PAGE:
Another example is the recent steep decline in liquidity in fixed income caused by both regulatory-driven deleveraging in the banking sector and the sharp decline in demand for US treasuries by foreign governments including China:
Because of regulatory changes (See Dodd Frank Liquidity Crunch) investors are concerned that bond yields will behave differently because of a liquidity crunch. Market participants are concerned that banks holding fewer bonds on their books as result of post-crisis capital requirements, coupled with strong debt issuance in recent years could worsen the liquidity crunch when rates rise and investors look to sell. When market dynamics change structurally because of political drivers, in this case regulatory changes, the winners and losers in asset management shift:
In addition to US regulatory changes, a shift in global demand for US treasuries is also altering decades of precedent. After years of accumulating US treasuries, China is finally changing direction in an attempt to free up capital and support its own markets. China owned $1.3 trillion of U.S. Treasuries as of June, making it the biggest holder of U.S. debt. But China’s foreign-exchange reserves plunged by a record $94 billion in August, according to the country’s central bank. Analysts say it’s very safe to believe a big chunk of that decline occurred due to a reduction in U.S. Treasury holdings. The selling and the potential that China will not be buying U.S. debt in the near future raises questions on its potential to increase America’s borrowing costs.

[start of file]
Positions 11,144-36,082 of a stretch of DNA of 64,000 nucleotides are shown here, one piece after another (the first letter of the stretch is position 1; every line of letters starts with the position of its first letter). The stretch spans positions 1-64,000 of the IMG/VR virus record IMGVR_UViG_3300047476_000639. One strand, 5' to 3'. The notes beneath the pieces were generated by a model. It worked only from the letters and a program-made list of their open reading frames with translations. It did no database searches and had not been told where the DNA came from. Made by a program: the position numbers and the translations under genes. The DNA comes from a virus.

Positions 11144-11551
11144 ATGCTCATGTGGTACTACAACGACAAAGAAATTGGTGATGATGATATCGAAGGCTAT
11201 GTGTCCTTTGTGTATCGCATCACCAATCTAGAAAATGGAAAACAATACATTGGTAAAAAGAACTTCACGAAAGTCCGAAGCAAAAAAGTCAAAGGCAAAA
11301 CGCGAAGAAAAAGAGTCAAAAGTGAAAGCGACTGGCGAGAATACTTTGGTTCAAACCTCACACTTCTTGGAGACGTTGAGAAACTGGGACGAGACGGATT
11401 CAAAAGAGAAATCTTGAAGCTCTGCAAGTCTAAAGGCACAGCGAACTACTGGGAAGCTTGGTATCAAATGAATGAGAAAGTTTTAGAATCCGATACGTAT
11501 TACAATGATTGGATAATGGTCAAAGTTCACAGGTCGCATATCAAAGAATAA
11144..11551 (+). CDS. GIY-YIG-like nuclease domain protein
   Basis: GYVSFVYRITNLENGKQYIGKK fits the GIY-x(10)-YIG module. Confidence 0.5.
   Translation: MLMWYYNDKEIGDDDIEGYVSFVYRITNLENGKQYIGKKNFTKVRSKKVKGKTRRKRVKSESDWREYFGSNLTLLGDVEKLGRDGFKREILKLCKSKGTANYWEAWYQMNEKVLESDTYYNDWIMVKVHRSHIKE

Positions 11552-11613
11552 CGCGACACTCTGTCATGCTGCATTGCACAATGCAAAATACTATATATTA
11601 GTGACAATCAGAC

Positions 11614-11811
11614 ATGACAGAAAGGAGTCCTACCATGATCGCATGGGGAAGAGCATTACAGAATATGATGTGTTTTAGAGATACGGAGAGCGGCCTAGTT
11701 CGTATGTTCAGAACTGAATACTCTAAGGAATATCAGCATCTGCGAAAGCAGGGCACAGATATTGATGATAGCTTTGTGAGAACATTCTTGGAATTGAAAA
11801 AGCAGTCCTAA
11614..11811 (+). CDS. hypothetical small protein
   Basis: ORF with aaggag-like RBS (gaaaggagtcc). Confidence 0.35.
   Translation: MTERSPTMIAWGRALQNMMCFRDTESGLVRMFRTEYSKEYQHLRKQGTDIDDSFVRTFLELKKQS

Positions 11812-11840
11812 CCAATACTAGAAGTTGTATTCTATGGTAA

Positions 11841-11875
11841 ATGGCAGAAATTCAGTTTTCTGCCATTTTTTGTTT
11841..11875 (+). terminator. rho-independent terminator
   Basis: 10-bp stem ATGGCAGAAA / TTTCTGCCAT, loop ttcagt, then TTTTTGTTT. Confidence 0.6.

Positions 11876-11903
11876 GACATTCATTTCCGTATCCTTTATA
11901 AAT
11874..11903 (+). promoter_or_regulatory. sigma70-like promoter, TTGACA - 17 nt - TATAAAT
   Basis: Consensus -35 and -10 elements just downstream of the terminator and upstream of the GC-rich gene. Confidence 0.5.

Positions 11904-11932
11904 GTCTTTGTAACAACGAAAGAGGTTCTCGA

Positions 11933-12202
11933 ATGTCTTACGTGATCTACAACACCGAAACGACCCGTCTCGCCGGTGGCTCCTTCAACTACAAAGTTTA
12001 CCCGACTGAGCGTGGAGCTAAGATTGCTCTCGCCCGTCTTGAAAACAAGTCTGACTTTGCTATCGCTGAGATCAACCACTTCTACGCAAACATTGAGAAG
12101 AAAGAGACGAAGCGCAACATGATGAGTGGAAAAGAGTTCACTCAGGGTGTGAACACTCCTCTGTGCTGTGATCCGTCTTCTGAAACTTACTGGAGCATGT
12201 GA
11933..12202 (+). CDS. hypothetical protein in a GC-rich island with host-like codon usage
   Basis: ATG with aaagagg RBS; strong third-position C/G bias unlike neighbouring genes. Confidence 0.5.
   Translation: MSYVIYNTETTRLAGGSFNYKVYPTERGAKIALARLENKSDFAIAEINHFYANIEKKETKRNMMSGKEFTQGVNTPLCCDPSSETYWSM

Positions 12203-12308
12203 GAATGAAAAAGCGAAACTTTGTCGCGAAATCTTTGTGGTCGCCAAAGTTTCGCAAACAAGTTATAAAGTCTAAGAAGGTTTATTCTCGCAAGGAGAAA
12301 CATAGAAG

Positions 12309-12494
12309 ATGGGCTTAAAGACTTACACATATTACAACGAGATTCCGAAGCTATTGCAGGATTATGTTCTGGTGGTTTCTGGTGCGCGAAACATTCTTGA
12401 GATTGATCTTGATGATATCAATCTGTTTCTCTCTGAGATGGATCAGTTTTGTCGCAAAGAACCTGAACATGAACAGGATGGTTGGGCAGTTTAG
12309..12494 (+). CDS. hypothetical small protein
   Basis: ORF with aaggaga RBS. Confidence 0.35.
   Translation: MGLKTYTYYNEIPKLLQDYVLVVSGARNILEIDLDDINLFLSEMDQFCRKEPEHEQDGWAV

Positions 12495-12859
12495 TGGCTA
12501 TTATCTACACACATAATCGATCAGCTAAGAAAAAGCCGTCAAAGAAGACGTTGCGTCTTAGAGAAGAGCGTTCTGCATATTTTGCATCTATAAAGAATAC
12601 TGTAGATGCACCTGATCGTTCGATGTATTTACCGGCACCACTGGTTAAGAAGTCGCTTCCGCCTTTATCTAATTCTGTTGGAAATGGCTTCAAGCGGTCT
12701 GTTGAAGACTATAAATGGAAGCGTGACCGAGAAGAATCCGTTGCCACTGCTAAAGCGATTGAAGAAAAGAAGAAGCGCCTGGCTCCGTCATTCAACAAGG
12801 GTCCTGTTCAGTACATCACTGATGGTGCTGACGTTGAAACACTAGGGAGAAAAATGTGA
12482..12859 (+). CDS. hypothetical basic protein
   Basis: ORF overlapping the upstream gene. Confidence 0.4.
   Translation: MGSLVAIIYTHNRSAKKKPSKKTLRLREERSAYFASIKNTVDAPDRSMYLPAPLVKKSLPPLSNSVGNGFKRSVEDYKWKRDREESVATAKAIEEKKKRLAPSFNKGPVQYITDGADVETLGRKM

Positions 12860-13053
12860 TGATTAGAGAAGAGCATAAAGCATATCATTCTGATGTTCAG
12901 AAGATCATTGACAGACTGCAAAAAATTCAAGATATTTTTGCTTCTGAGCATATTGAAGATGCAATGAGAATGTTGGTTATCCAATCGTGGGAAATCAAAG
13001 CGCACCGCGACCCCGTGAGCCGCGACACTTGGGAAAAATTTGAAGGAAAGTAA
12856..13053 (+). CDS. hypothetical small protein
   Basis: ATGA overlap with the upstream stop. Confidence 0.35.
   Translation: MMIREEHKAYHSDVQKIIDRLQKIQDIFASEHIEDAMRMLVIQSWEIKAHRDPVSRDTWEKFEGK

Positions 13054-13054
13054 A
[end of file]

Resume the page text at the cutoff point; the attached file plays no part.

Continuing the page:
See below: “China’s change in FX reserves alongside the total Treasury holdings of China and its “anonymous” offshore Treasury dealer Euroclear (aka “Belgium”) as released by TIC, and found that the dramatic relationship – namely virtually the entire delta in Chinese FX reserves come via China’s US Treasury holdings. As in they are being aggressively sold, to the tune of $107 billion in Treasury sales so far in 2015.” (Source: Zero Hedge)
Such giant politically-driven shifts in capitals flows have the potential for a tremendous impact on bond/ equity correlation.
Social Drivers: Both intrinsic investor preferences and temporary change in perception such as fear and uncertainty impact the correlation between bonds and equities.